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About a month ago, my other startup half quit. He wanted to find something more stable, and after a year and a half of working incredibly hard on USpin, I definitely empathized with him. Still, it left me in a bit of a lurch. In my personal life, I had finished my MBA at Northeastern, and Jackie was just about to launch into her MFA at BU. Like it or not, it was time for change, and my friend leaving was the last push.

As you can imagine, the lurch was tough to get out of. There were a lot of ends that needed tying, and even more that weren’t even able to be tied (for the moment), and as with all things – balance. Working 10+ hours every day for months on end has a profoundly stressful effect on people, and it was time for a break. But what is a non-technical founder to do?

The answer, of course, was to bake bread. For some reason, I gravitated to the kitchen to experience the catharsis that comes with creating (or at least trying to create) something delicious to enjoy and share. Not being one to shy away from a challenge, I was determined to make gluten-free vegan bread.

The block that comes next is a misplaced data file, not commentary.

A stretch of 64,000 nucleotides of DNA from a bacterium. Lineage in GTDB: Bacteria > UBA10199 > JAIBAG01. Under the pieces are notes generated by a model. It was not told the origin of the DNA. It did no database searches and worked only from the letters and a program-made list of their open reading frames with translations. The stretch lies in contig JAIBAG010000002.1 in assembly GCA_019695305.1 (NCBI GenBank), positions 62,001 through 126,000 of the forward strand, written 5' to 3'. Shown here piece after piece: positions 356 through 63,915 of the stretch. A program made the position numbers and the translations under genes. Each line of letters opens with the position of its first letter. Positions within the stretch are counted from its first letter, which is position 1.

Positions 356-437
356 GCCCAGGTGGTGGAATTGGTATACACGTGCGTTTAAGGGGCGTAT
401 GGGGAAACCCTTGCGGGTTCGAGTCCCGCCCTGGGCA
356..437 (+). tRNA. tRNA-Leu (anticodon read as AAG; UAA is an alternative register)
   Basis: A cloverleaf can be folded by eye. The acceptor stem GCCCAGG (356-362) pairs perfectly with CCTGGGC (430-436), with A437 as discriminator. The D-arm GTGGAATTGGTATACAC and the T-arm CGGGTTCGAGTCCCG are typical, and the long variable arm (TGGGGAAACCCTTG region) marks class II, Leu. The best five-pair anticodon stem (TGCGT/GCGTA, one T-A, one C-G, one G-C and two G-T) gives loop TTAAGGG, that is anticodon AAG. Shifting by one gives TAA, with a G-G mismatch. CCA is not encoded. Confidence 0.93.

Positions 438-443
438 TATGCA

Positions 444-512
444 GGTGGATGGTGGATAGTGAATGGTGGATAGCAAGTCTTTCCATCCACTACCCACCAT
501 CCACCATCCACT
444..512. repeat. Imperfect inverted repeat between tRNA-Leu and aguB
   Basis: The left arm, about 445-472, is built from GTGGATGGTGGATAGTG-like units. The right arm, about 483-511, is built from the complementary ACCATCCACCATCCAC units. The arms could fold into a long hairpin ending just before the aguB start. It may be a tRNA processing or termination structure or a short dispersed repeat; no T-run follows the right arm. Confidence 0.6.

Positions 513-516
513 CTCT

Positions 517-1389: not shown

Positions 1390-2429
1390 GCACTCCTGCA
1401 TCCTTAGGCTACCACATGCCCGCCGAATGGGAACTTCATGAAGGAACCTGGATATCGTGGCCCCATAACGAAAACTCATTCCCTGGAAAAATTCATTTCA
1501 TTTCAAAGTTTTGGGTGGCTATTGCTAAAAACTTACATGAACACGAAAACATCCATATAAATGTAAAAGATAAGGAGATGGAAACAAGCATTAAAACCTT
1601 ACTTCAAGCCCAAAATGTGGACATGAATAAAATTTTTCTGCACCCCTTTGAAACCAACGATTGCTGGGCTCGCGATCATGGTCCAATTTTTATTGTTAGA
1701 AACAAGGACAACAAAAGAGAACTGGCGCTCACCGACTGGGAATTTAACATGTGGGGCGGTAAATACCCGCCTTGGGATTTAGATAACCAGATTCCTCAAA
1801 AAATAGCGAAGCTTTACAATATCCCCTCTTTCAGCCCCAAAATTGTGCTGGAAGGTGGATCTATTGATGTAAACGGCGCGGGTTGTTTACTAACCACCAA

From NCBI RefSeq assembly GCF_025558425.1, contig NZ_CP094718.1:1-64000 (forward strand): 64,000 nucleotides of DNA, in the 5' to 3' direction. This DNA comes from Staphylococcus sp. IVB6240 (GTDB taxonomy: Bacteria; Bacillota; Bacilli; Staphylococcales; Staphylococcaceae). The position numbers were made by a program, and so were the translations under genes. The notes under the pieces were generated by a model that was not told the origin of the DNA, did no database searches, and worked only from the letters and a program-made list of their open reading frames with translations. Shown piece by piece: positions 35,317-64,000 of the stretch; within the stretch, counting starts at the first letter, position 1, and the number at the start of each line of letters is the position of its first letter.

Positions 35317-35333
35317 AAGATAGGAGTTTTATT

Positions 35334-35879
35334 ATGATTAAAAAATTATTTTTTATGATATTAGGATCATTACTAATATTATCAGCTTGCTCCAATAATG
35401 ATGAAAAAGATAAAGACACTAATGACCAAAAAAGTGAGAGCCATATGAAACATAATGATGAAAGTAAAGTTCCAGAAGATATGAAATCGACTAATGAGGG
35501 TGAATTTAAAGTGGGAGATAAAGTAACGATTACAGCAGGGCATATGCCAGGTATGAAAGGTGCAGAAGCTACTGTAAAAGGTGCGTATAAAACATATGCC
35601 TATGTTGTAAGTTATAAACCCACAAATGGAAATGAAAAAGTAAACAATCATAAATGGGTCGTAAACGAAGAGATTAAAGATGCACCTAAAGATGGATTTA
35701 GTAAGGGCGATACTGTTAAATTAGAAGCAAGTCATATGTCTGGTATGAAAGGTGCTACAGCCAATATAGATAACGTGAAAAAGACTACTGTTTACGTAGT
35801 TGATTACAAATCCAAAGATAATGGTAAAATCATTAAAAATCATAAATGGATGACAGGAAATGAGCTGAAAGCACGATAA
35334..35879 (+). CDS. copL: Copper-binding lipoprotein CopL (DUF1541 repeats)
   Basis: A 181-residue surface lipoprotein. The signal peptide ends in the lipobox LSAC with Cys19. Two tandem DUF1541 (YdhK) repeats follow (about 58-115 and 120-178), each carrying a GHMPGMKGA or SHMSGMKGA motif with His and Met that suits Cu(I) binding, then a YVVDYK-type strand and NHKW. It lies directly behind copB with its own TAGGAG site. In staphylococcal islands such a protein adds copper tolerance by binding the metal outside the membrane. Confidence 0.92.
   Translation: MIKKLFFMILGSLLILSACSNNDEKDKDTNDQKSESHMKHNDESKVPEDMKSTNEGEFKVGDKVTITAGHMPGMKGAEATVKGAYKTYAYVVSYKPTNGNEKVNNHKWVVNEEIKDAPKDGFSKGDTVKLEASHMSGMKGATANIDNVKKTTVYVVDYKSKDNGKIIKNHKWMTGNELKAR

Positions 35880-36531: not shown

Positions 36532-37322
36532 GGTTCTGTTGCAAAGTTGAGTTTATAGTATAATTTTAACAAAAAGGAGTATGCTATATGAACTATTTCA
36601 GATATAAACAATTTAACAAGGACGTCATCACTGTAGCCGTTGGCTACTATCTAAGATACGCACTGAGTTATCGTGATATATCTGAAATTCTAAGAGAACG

I was a little disappointed when the first loaf came out looking (and tasting) kind of like a flax-infused brick, but disappointment is not a deterrent. I learned from the brick. I embraced the brick. And then I made a better brick. And another one. And eventually, through repetition and research, I found myself making edible, delicious bread.

bread use

It takes a lot for me to get discouraged, and I can tell you that seeing my friend leave USpin definitely did the trick. But without his departure, there might have been no brick. There might have been no failure. There might have been no edible, delicious bread. But he did leave, and there was bread, and the adventure is continuing.

Go bake a brick, and then bake another. Eventually you’ll bake enough bricks to build something great, and you’ll learn from each terrible loaf in between.


This was originally posted on Ethan’s Blog, which you can visit here.


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Ethan Bagley